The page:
In chapter 22 of the novel Amy's brother Tip intercepts Maggy (Amy's friend) as she is leaving the Marshalsea. Maggy is delivering a begging letter from the imprisoned Mr. Dorritt to Arthur Clennman. Tip makes Maggy wait while he goes in to the George to write a plea on his own behalf to add to her errand. Tip would have used the Middle Bar Coffee Room for this purpose which was a haunt of Charles Dickens and where his life insurance policy is now displayed.
The George stands on the south bank of the Thames near London Bridge - for centuries the only bridge across the river. It was rebuilt in 1676, after a devastating fire swept Southwark. Turning into the yard today from the busy high street is to be transported back to a bygone age. The ground floor with its wealth of pretty lattice windows and oak beams is divided into several connecting bars including the Old Bar which was the waiting room for coachmen and passengers. The restaurant now occupies what were once the galleried bedchambers. Real ale and traditional pub grub is available lunchtime and evenings.

George Inn - Southwark - London - Charles Dickens


Chapter 11 of A. P. Herbert’s exquisite tale ’The Water Gipsies’, is titled ’Up the Cut’ referring to the first stage of the journey out of London that working boats made along the Grand Union Canal, when carrying goods from the Capital to Birmingham. Fred Green, the illiterate, good-hearted bargee, works the narrow-boat Prudence with his parents. He has managed to persuade them to allow his sweetheart Jane Bell to join them on a trip, but the situation is fraught with problems.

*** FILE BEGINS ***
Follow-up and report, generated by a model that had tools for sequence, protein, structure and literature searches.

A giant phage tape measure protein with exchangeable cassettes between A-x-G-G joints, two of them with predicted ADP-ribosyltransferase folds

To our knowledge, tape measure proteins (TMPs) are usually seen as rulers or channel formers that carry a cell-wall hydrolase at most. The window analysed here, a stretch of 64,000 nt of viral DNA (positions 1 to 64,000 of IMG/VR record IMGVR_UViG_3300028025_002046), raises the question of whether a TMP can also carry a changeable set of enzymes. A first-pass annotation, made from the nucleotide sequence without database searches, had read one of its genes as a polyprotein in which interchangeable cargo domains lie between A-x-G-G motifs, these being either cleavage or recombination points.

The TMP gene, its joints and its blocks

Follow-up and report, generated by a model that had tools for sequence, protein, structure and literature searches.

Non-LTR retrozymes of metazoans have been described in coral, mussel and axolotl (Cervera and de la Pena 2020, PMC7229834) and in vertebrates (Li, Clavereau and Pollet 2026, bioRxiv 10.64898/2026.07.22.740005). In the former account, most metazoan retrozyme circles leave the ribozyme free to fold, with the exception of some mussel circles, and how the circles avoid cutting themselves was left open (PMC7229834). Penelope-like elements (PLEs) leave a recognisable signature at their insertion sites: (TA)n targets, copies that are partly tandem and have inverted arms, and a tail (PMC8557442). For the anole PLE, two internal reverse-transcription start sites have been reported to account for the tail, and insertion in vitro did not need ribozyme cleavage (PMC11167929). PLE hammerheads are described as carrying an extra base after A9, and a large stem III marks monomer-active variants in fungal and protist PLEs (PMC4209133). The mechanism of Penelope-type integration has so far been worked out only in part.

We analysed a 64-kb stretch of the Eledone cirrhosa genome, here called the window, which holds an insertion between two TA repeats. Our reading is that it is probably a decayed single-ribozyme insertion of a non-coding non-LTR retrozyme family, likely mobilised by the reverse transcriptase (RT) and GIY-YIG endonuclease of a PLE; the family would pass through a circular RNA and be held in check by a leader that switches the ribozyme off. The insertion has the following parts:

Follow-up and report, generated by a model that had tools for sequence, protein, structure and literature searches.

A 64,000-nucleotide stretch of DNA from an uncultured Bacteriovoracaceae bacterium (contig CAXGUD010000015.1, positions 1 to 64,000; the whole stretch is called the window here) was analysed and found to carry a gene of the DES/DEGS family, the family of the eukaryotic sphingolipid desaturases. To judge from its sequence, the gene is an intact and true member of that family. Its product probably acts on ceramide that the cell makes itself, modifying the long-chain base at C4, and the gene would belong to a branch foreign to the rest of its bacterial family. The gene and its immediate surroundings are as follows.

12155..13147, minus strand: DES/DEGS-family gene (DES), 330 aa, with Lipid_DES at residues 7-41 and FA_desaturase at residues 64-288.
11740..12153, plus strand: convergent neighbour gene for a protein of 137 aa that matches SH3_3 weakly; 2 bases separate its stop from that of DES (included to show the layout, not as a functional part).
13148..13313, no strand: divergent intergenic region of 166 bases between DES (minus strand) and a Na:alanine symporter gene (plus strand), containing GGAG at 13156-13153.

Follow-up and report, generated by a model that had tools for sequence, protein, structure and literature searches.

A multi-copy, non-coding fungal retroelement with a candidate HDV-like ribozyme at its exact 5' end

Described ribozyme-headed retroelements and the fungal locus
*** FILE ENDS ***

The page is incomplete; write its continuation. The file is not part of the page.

Jane is a simple servant girl but she has a rival suitor, the priggish radical Ernest Higgins. She is also secretly in love with a posh artist, Mr. Bryan who she waits on and who she has been posing for. The beginning of the journey is a little edgy for Jane in the strange confined world aboard the Prudence. The boat glides along as Jane begins to share the work and learn the mysteries of locks but the scenery at first is uninspiring.
"Then came a dull six miles past Southall and West Drayton, tall factories and mean houses and never a lock; but at last the canal crept out into the fields, and a leafy reach up to Cowley lock, where there was an inn beside the towing-path, and here they lay for the night".
The inn in question is the canal-side Malt Shovel and, after they had moored, and Beauty the horse was fed and stabled for the night, Mr. Green said:"…what he wanted was an old and mild, and crouching carefully, he climbed over Mrs. Green and Fred and departed for the pub". Soon after Fred joined his father and, a little later, in the warm public bar, the women arrived to find:
"Fred and Mr. Green were playing dominoes with a very noisy old boatman from the Severn Sisters, Jane drank lemonade and Mrs. Green stout, and for a long time neither of them said a word. Fred’s eye wandered continually from the dominoes to Jane. Till Mrs. Green told him about it".
. Today the 19th century listed Malt Shovel is a friendly country pub and restaurant. The big front bay windows in the whitewashed walls give a light and airy feel to the tastefully decorated interior. The cosy dining area has a mix of traditional furniture with lots of fairly private areas. And the canal-side location makes it a perfect summer venue.

Uxbridge – Malt Shovel – A. P. Herbert

Copyright T.W. Townsend - the opinions expressed herein are those of the author and any observations were correct at the time of the review.

Home Page